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Digital developments in focus
| 1 minute read

How to get someone to pay for your wall

Ever since my husband got an iPhone, I have become 'quite' familiar with the yellow BBC Sports banner at the top of the screen, because he is almost always reading sports news, and usually about one sport in particular, football. 

But starting this season, a bold black backdrop might replace that golden stripe. The Athletic, a U.S. sports news subscription service, has entered the UK market in a big way, hiring 50 of the country’s biggest names in Premier League reporting. Contrary to most news outlets, The Athletic shows no ads and instead charges a subscription fee. It’s betting that my husband, and thousands of fans like him will pay for their favourite journalists’ take on transfers, injuries, tactics, post-game analysis, and of course VAR. 

Technology has disrupted almost every sector of the economy, forcing companies to rethink business models and redefine success. Nowhere possibly is this more apparent than in newspapers where the traditional two-sided market (of advertisers trying to reach potential customers, who in turn fund the quality journalism that attracts readers) has been turned upside down by (i) an infinitely greater number of sources for news at readers’ fingertips, (ii) access to potential customers via other online content, e.g. games, search, video, social media, and (iii) a general expectation that news online should be free. The effect this has had on news outlets is more than a shareholder concern, with regulators calling for action to protect the fourth estate (see e.g. here and here).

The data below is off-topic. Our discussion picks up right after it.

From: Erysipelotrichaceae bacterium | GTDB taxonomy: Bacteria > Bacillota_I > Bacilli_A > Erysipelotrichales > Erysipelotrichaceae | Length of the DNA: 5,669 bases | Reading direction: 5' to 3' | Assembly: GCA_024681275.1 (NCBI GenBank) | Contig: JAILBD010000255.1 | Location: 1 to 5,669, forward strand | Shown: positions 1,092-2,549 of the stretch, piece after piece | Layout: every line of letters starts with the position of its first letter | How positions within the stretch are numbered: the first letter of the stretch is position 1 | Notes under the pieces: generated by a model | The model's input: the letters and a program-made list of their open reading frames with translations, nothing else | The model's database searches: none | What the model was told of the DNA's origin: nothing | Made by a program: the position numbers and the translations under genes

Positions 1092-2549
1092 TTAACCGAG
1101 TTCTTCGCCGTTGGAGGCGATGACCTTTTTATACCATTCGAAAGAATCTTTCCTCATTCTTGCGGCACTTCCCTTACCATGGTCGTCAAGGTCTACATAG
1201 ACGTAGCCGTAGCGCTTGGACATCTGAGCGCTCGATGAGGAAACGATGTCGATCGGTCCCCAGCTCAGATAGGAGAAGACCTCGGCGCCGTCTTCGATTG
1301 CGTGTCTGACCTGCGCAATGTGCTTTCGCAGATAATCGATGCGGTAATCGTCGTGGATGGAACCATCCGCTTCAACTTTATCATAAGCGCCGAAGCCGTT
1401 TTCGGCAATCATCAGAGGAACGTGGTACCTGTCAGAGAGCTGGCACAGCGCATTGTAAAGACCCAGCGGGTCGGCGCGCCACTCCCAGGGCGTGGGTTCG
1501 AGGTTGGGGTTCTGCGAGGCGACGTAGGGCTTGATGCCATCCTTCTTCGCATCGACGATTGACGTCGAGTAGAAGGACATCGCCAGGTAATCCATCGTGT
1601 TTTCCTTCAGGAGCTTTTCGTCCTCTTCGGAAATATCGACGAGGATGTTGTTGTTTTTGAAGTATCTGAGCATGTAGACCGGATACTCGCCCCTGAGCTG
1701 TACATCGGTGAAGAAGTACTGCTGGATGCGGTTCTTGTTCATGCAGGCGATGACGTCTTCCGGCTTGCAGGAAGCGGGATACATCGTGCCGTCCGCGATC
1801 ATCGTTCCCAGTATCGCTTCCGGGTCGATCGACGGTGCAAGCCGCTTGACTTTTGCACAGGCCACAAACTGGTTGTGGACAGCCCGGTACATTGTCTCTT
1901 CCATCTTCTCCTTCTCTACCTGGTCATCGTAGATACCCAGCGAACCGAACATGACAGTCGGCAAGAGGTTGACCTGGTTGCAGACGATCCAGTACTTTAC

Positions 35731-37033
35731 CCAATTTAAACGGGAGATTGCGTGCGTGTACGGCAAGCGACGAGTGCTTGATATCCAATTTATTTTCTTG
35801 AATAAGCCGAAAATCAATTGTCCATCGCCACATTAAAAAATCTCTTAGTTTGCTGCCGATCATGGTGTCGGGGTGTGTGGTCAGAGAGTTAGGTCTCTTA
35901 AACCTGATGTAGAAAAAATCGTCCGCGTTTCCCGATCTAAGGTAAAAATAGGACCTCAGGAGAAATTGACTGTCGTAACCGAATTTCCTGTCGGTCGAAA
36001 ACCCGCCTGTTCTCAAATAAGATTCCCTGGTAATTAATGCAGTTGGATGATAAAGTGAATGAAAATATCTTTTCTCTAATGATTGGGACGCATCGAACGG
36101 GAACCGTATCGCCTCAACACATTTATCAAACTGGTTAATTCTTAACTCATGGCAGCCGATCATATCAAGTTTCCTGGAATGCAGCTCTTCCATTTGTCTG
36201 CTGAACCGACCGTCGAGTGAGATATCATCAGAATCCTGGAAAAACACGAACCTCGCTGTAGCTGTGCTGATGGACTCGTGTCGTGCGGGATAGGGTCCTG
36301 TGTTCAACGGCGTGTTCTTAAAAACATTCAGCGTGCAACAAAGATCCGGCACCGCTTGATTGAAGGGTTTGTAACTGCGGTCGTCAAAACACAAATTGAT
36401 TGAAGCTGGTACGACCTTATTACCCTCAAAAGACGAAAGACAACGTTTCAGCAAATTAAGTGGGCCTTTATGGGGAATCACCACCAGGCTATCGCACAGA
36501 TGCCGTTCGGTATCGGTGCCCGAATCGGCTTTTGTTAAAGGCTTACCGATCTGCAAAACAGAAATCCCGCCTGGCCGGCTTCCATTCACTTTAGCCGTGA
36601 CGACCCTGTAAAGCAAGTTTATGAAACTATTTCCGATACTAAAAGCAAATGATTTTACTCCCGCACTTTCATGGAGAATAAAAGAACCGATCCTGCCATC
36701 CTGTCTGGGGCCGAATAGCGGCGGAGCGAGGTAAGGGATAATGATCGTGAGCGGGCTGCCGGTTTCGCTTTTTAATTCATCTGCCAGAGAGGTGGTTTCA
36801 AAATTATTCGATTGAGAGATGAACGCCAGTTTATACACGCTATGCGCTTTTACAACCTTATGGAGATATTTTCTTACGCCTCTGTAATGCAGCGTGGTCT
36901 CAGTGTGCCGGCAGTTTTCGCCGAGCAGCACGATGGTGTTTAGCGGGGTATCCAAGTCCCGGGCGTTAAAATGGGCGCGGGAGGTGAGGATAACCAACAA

But some news outlets are managing to thrive off a one-sided model. In a time where "news" is omnipresent, there appears to be significant (i.e. above and beyond willingness to tolerate ads) demand for quality (e.g. the New York Times and the Washington Post) and focused content (e.g. the Wall Street Journal and the Financial Times). All of whom report healthy paid digital subscription figures

Enter The Athletic, which has applied this model to the sports pages. The app emerged out of Y Combinator in 2016. The famous Silicon Valley start-up accelerator, which invested early in the likes of Airbnb, Reddit, and Dropbox, has a simple motto - "Make something people want". If my husband’s reading habits are anything to go by, The Athletic has hired what thousands of football fans want and perhaps what they’ll pay for.

“It’s a journalist transfer window.”


journalism, digital, subscription based services, football, premier league